Age of extremes
Can you disagree with a person and still admire him? In theory, you can. But in practice it creates confusion. Karan Thapar writes.india Updated: Aug 27, 2011 22:38 IST
Can you disagree with a person and still admire him? In theory, you can. But in practice it creates confusion. I discovered this on Tuesday night when I sent a few friends an SMS which read “Much as I disagree with some of his views and tactics, Anna is a truly amazing man.”
Some agreed, a few vehemently did not but the majority responded with incomprehension, even incredulity.
“Et tu,” summed it up neatly. This was apostasy. I had become a self-declared renegade.
Perhaps I was inviting trouble assuming everyone would accept the two extremes of my views without questioning the polarity between them or understand I had not forsaken my original position. But because I still believe one can hold divergent views I intend to explain my position more fully.
I strongly disagree with Anna Hazare’s original decision to fast unto death unless Parliament passes his Jan Lokpal Bill and that, too, before the end of the present monsoon session which, at the time he made this decision, had just 18 days to run. And I certainly oppose Shanti Bhushan’s codicil that amendments can only be made with Anna’s permission. I believe Anna’s stand is tantamount to an attempt to blackmail Parliament. Bhushan’s addition is simply insulting.
At the same time, however, there’s a lot in Anna’s bill I unequivocally agree with. The PM and MPs must be brought under the ambit of the lokpal. The selection procedure needs to be independent of government influence. State lokayuktas should be set up along similar lines. And, although I have no firm position on whether the higher judiciary should come under the lokpal, if it is to be kept out an effective National Judicial Commission needs to be set up.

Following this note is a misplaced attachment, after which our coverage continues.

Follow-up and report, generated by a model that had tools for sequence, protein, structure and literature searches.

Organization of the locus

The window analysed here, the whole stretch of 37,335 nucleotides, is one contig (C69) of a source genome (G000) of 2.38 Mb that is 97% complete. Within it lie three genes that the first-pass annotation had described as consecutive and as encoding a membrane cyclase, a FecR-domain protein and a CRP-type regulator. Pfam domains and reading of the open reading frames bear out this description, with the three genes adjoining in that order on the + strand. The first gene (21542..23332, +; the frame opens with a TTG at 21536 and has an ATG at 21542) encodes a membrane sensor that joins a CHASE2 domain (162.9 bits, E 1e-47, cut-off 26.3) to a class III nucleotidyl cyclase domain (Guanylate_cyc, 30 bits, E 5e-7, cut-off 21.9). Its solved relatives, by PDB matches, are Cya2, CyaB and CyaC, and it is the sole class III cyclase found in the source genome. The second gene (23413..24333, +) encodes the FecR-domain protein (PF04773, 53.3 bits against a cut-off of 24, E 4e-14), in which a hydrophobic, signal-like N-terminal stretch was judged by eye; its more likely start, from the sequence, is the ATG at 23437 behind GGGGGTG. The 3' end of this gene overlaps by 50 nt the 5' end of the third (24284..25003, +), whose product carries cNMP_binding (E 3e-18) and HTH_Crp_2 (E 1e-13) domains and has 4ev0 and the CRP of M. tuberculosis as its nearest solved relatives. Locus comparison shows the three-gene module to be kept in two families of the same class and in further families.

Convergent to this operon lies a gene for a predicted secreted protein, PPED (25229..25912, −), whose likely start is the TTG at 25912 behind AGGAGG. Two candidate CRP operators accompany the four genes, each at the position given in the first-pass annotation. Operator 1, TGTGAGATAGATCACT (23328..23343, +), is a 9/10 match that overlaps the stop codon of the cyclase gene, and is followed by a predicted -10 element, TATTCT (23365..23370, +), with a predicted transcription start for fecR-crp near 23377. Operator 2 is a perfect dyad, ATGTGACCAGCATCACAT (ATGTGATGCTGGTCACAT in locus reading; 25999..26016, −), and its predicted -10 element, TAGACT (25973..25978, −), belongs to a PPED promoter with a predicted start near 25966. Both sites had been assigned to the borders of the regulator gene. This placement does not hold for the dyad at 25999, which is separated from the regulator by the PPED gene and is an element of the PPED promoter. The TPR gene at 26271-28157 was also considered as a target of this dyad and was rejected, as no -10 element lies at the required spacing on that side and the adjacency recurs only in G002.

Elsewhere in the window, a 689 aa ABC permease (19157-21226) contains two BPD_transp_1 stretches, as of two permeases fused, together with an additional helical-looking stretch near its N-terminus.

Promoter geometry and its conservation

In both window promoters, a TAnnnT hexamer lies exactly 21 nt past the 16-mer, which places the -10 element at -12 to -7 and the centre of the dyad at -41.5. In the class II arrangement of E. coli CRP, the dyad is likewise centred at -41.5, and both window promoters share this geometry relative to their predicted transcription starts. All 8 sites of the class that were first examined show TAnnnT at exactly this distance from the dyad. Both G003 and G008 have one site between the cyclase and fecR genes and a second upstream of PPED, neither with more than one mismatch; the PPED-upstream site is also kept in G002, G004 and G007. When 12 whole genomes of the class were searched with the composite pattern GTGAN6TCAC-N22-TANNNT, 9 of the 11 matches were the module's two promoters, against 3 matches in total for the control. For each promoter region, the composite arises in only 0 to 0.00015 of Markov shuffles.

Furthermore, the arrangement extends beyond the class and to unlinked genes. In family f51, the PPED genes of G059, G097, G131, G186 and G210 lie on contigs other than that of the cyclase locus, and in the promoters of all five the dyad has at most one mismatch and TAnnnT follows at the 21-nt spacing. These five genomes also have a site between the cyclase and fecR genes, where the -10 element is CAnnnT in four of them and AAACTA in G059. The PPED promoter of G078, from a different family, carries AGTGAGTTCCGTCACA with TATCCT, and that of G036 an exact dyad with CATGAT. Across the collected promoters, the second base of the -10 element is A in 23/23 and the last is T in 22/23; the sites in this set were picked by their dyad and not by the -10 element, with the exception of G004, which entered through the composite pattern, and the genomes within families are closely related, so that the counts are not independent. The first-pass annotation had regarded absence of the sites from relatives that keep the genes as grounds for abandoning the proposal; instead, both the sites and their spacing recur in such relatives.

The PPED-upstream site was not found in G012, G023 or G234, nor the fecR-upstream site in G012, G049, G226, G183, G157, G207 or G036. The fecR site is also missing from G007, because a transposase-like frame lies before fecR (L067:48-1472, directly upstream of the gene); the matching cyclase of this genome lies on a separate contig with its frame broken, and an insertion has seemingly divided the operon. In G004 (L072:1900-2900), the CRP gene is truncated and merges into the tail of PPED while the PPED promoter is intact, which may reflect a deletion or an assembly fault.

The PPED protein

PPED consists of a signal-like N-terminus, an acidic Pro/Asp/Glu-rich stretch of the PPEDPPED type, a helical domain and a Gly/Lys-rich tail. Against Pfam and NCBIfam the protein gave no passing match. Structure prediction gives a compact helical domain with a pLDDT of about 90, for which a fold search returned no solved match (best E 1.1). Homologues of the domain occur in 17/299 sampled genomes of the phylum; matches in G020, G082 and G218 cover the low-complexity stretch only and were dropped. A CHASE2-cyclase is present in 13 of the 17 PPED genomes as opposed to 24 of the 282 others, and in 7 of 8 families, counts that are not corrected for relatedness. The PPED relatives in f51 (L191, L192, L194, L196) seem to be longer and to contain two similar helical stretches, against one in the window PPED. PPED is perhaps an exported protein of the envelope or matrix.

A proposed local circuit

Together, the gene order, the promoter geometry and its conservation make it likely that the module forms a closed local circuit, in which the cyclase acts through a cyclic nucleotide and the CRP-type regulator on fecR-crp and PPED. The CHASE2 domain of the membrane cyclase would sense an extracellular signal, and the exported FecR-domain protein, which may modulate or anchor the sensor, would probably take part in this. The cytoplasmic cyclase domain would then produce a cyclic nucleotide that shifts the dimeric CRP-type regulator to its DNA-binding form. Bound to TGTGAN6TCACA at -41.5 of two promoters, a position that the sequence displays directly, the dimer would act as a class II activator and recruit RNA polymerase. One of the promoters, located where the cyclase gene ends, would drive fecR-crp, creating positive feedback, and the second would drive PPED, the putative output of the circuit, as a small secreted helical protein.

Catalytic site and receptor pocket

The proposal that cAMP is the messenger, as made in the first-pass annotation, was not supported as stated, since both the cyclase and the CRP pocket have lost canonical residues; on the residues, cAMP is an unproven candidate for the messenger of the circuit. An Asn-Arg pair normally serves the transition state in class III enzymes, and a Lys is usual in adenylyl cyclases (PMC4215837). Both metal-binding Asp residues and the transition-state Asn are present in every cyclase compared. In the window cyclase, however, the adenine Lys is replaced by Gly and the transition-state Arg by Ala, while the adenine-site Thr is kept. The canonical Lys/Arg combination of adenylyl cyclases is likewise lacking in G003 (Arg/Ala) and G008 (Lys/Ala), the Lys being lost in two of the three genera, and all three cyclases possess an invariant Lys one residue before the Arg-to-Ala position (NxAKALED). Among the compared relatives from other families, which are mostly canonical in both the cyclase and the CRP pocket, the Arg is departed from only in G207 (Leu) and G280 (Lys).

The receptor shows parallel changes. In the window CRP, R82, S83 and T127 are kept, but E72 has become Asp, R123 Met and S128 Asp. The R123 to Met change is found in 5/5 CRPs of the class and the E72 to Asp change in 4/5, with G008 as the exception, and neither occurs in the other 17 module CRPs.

But agreement with much of its content is not justification for forcing the bill on Parliament. Let me explain why. In a democracy the people express themselves through Parliament. Ours carries the mandate of 1.2 billion Indians. In contrast, Anna may have massive street support but even if you hold that several million have come out in support, and more have done so silently from their homes, it’s at best a minuscule fraction of the population. This is no basis for supplanting, leave aside subverting, Parliament. And remember, if you do you will end up debilitating our democracy, denting our Constitution and damaging our stability.
If Anna has his way today he will set a precedent for Hindu fanatics to demand a theocratic State tomorrow or social conservatives to castrate homosexuals the day after. All of them can claim more genuine majority support than Anna has for his original demand for the Jan Lokpal and none other.
But all this said and done, Anna’s decision to refuse hospitalisation and even a drip, when he knows his health is fast deteriorating and he stares death in the face, is admirable. How can you not admire such commitment to a cause? How can you not be awed by such courage to knowingly court death?
I would say every single Indian supports Anna’s campaign against corruption. We’re all frustrated and anguished by it. We welcome and applaud his leadership. But only a few believe the answer is acceptance of the Jan Lokpal Bill in its entirety without discussion or debate. And an even smaller minority want to force Parliament’s hand. This is where Anna has erred.
Yet his courage and conviction remain admirable. Most of us cheat while dieting. Anna refuses treatment and risks his life!
Thank god I only ask the questions!
The views expressed by the author are personal